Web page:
With two heavy weights in the world of Universal Picture’s Monster, Frankenstein Meets The Wolf Man should and could have been one of their biggest hits. But this film had more story behind the scenes than it did on offer to the cash paying public. So what was going on?
This was the fifth outing for Frankenstein for Universal, but it was the first in a line of “ensemble” monster films and as a sequel to the 1941 movie, The Wolf Man and The Ghost of Frankenstein from 1942. It seemed that Universal were starting to see their Monster movies as a golden goose that would just keep on laying, whatever the output would be. But they also saw this as a vehicle for their key new monster star, Lon Chaney Jr. who was going to play both the role of The Wolf Man and of Frankenstein.
However, this idea was canned early on into production due to costs of actor doubles, vast make-up times and the need for the use of split-screens. So a new actor was needed to play the role of the monster, and the logical answer was to call on Bela Lugosi, Dracula himself. Lugosi was famously offered the original role of the monster for the original 1931 version, but declined, allegedly say that it was a role that “any half-wit extra could play”, leaving the role to a then unknown actor, Boris Karloff, who made the role his own and become a worldwide star.
Now in 1943 times and circumstances had changed for Lugosi and he needed the role for the cash. However, it was planned that this Frankenstein was to be more of a character study than just a stumbling, groaning hulk, this was also to change under the knife of the Universal editors and bosses and Lugosi seemed to suffer the most from it.
Lugosi then in his 60’s during film was visible struggled under the constant hours in the make-up chair and the demanding 16 hour days was not in good health at the time. During filming he collapsed due to the tough work schedule. Not only this, other cast members were also suffering with Chaney and co-star Maria Ouspenskaya were thrown from a horse drown cart leaving Maria with a broken ankle.
As mentioned, not only did Lugosi suffer with his health, his role was cut dramatically by the bosses, removing all his exposition between his character and Chany’s Wolf Man. Plus all of is dialogue was taken out from the film, leaving Lugosi’s Frankenstein as just a grunting shadow of his former self.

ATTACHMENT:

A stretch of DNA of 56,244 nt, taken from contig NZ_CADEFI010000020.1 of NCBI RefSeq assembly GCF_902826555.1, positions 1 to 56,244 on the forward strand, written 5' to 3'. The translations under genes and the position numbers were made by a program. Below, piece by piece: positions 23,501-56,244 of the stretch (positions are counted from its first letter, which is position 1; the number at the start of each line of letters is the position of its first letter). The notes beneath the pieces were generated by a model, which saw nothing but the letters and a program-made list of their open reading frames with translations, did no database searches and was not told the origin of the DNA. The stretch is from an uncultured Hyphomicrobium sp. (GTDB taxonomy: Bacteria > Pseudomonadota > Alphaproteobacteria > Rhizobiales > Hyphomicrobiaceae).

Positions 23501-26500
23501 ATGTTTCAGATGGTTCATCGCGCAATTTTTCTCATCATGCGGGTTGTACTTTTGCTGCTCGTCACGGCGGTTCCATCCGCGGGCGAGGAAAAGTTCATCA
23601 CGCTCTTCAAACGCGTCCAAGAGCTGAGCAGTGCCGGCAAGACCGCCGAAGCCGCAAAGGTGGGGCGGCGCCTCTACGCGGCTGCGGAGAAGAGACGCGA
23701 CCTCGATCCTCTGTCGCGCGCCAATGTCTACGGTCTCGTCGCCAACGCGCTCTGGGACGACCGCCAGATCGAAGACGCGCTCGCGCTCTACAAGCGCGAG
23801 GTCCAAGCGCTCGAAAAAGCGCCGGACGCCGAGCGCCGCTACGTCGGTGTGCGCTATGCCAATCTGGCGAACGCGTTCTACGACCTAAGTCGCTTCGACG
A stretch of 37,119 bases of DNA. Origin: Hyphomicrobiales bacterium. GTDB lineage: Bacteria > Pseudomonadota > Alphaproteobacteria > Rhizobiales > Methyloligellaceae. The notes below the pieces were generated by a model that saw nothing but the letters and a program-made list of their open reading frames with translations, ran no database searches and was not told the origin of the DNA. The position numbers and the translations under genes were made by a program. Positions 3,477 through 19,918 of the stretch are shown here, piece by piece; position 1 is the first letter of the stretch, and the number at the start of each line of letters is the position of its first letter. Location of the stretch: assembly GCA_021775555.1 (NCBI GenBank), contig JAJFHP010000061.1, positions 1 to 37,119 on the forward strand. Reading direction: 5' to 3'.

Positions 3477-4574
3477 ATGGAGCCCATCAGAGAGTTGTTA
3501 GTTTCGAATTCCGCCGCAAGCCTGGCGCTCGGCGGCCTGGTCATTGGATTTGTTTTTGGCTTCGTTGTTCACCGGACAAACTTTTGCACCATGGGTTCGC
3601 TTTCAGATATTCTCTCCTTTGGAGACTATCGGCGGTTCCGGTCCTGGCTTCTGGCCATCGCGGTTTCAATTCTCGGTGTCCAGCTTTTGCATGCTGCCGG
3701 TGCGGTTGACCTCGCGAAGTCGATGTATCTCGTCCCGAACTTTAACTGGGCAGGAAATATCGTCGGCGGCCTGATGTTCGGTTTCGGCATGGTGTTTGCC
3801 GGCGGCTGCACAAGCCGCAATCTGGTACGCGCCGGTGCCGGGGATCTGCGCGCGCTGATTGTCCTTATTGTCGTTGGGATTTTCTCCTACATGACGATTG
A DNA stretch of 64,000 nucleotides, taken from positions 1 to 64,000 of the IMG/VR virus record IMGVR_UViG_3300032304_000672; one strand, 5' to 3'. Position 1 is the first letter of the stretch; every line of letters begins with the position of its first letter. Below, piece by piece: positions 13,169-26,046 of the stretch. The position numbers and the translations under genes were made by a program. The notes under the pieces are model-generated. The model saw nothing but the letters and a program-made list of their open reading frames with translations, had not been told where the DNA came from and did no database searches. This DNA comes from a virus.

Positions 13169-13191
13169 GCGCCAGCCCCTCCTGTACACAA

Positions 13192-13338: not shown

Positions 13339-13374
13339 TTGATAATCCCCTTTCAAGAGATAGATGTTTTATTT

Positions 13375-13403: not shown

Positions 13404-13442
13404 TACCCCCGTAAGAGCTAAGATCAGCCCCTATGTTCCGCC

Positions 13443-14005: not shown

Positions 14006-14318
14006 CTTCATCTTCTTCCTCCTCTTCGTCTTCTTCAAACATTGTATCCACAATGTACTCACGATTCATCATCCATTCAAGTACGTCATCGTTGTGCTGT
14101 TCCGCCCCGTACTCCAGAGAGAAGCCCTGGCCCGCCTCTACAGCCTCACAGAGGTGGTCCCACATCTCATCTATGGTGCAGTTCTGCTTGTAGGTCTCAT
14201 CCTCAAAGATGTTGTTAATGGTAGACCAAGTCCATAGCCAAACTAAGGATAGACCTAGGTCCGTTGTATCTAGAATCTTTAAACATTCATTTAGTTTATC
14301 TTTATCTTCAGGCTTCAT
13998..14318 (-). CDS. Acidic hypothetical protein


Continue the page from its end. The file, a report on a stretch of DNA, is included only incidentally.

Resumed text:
With all the goings on behind the scenes, what it movie actually like you ask, will in short very good. The film opens in a wonderfully realised graveyard with two grave robbers looking for money and jewels of the late Lawrence Talbot (the alter ego of the demised Wolf Man), never a good idea. Then leading the resurrected Talbot across Europe looking for a way to end his curse, and it seems the only person he could help him is the late Doctor Frankenstein.
With fantastic sets and great supporting cast stalwarts, such as Dwight Frye and Lionel Atwill, the Tyrolean atmosphere is breaming with charm that makes you feel right at home in the world of these two great monsters. The only thing I can call this movie out on, is what’s with the strange musical number half way through, where were the angry villagers with “flaming” torches? And give these two titans more screen time together.
So to round up things, the first of Universal’s “ensemble” monster film is a great success and enjoyable adventure monster romb and is great for any Sunday afternoon viewing.
Lon Chaney Jr. … Lawrence Stewart Talbot / The Wolf Man
Ilona Massey … Baroness Elsa Frankenstein
Patric Knowles … Dr. Frank Mannering
Lionel Atwill … Mayor of Vasaria
Bela Lugosi … Frankenstein Monster
Maria Ouspenskaya … Maleva
The very first time we see the Frankenstein Monster, it is not Bela Lugosi in the makeup. Stuntman Eddie Parker also made appearances as the Monster – most noticeably during the final battle with the Wolfman.